- Besides the regular reddish maroon colour, there are cream pastes to leave pink, blue, violet, magenta designs on the skin.
- At the right was a living room covered with maroon wallpaper and gold moon and stars.
- The wrap colors include a multi blue, black, white, red, turquoise, purple, jade green, navy blue, gold and a maroon type of color.
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- The schools new colours are maroon, royal blue and yellow.
- They come with many different leaf colours, from maroon and cream, to copper and lime, usually with interesting variegations.
- Last Sunday was officially declared a day of no rest in Ballinrobe, as local painters and decorators coloured the town in maroon and yellow.
- For years the start and end of the two minutes silence across the town has been signalled by the firing of a maroon - a firework-like device that produces a deafening boom.
- Celebrations start at midday, with the firing of a maroon to signal the beginning of the party.
- A countdown led by the Wales Tourist Board chairman, a coastguard maroon and one of the loudest fireworks that the fireworks company could muster, sent the swim on its way.
late 17th century (in the sense 'chestnut'): from French marron 'chestnut', via Italian from medieval Greek maraon. The sense relating to colour dates from the late 18th century.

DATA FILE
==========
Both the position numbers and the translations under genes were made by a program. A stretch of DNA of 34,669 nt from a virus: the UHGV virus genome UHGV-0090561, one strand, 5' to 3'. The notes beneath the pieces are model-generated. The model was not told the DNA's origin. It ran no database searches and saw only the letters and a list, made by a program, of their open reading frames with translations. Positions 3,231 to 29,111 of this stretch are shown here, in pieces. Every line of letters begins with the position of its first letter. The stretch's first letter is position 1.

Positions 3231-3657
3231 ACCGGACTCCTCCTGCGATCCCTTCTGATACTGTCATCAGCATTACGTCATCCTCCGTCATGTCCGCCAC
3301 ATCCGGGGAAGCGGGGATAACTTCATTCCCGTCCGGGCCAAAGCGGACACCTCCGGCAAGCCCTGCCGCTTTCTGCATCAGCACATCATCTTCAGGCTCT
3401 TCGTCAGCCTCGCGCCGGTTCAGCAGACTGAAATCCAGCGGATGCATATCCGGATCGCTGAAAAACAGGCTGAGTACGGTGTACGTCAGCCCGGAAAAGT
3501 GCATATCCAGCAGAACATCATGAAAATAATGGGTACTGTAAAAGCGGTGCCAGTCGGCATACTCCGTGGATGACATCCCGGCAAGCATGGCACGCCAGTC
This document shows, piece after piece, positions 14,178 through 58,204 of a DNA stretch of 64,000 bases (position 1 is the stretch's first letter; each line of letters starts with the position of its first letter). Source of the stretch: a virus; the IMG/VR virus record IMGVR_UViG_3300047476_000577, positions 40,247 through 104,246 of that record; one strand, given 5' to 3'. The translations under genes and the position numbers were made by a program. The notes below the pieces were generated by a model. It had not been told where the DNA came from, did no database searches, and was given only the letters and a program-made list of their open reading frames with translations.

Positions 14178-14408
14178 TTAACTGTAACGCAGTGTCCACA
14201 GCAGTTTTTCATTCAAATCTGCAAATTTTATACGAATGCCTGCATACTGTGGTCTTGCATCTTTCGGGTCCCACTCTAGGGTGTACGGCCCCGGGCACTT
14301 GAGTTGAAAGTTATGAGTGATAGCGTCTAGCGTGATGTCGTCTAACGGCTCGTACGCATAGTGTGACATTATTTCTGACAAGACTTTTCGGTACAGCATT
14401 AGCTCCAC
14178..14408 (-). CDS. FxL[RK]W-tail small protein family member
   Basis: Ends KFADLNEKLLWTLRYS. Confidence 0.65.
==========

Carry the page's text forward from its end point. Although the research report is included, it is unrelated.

- She stumbled on to an island where she was marooned.
- Earlier this year he spoke of the irony of having so many women interested in him when he is marooned on the island.
- On the way to South America, the ship sinks and he is marooned on an island.
early 18th century: from Maroon, originally in the form marooned 'lost in the wilds'.
- Nanny was the greatest of the generals of the Maroons, runaway slaves who forged a society and an identity in the weedy-thick hill country of the Jamaican hinterland.
- By 1770, five thousand to six thousand Maroons or runaway slaves were living in the jungle.
- Many of the Maroons (who are descended from escaped black African slaves) have more than one wife.
mid 17th century: from French marron 'feral', from Spanish cimarrón 'wild', (as a noun) 'runaway slave'.
Definition of maroon in:
- The US English dictionary